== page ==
LHF: Handel Venceslao

London Handel Festival
Handel: Venceslao
Opera Settecento, Leo Duarte
St George’s, Hanover Square, 26 April 2019

As the London Handel Festival (LHF) draws towards its closing events, they presented the last, and one of the more interesting of Handel’s three pasticcio operas (the other two being Elpidia and Ormisda in 1724/5. These were made up of music pinched from other composers and loosely gathered together into a single opera. Venceslao was first performed in 1731 and contained music ‘borrowed’ from Giacomelli, Hasse, Lotti, Orlandini, Porpora, Porta, and Vinci. The Venceslao of the title is Wenceslas, but not the one that looked out on the Feast of Stephen. This one was Bohemian King Wenzel (1271-1305) who became King of Poland as Wenceslas II. He also appears in Dante’s Divine Comedy, but in very unflattering form. He was a descendant of St Wenceslaus I, the 10th-century Duke of Bohemia who inspired the Christmas carol – he posthumously upgraded to King.


The libretto is based on Il Venceslao by Apostolo Zeno and had been set to music several times before Handel. The plot is a complex tale based on Venceslao’s two sons Casimiro and Alessandro. The first is proud, violent and lascivious, the other kind and gentle. Both fall in love with Erenice, a Polish princess, Casimiro through lust, Alessander with more honourable interests. Alessander kept his feeling hidden from all except his Erenice and his friend Ernando. He feared the anger of Casimiro, so asked Ernando to pretend to fall for Erenice. Casimiro murders Alessander, thinking it was Ernando. Things got far too complicated for me to understand after that. But it did involve a Grand Duchess of Lithuania, Lucinda, who initially appears in male attire and turns out to be Casimiro’s estranged wife – and somebody called Gismondo, sung by the same singer as the now deceased Alessander – a confusion that would have been helped in a fully staged performance, but not in a concert performance like this.

Apparently, Handel’s star singers suggested their own favourite showpieces for him to use in the pasticcio, so there will inevitably be a sense of unbalance in the structure. That became more apparent as the show went on, the stream of virtuoso arias losing the subtlety of a ‘normal’ Handel opera. That said, this performance was by Opera Settecento (regulars in Handel Festivals over the years) was well structured and gave the work a very good showing. They were conducted by the entertainingly energetic Leo Duarte, who also edited the score. Vocally and instrumentally the standard was high, although there were some indications of the limited rehearsal time inevitable with young groups like this.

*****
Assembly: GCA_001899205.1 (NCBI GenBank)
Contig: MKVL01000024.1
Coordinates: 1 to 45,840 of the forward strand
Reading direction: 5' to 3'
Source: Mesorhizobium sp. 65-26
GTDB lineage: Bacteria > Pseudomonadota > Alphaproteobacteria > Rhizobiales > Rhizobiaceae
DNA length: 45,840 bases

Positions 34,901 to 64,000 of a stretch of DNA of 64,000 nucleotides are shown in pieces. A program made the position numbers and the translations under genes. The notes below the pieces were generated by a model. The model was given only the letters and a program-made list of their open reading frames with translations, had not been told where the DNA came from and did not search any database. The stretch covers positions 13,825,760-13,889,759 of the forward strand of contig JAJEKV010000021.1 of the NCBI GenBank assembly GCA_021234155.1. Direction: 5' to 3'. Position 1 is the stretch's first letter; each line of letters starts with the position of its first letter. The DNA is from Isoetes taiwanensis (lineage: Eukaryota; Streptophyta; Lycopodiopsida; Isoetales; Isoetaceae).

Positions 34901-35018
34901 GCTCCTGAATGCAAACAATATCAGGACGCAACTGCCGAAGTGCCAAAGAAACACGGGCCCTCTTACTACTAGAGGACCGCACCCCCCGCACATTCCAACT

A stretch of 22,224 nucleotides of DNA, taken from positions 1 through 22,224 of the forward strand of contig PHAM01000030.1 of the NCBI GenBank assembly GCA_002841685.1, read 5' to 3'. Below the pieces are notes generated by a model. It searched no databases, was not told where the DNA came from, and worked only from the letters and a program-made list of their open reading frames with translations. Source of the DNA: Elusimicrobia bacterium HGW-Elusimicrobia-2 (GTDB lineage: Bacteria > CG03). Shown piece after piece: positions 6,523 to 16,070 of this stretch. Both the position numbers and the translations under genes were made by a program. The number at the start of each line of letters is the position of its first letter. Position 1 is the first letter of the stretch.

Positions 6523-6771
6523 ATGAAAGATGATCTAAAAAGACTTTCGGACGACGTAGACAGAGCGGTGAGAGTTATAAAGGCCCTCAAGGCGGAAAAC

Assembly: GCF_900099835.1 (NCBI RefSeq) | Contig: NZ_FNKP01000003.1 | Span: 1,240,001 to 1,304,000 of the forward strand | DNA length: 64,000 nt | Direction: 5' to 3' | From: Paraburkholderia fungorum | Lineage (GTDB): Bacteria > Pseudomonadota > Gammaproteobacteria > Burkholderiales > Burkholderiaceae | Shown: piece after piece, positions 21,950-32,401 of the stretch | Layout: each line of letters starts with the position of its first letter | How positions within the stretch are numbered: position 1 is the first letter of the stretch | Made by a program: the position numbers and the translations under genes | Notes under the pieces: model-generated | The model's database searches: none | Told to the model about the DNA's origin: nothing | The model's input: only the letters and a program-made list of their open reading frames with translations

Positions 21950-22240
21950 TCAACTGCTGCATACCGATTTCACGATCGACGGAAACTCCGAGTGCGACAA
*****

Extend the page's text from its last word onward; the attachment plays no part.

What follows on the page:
Nick Pritchard’s was Venceslao, with his two sons sung by countertenor Michał Czerniawski as Casimiro and baritone  Christopher Jacklin as Alessandro (and, later Gismondo). The choice of a countertenor for the baddy and a baritone for the goody was a curious choice by Handel, and Czerniawski’s strikingly attractive voice wasn’t always able to portray the sheer nastiness of his character, although he excelled in such arias as Parto a mi sento. Olivia Warburton was a very impressive Ernando, with vocal clarity, technical excellence in some virtuosic runs and proving to be a rare example of a singer who can manage a proper trill. Galina Averina’s Erenice was similarly impressive, notably in her Come nave in ria tempesta (from Porpora’s Seriramido) where her agile voice helped to depict the turbulence of the tempest. Helen Charlston was Lucinda, her distinctive mezzo voice helping to portray the character. She was also the only singer who seemed to really get into the role, with subtle responses to other singers.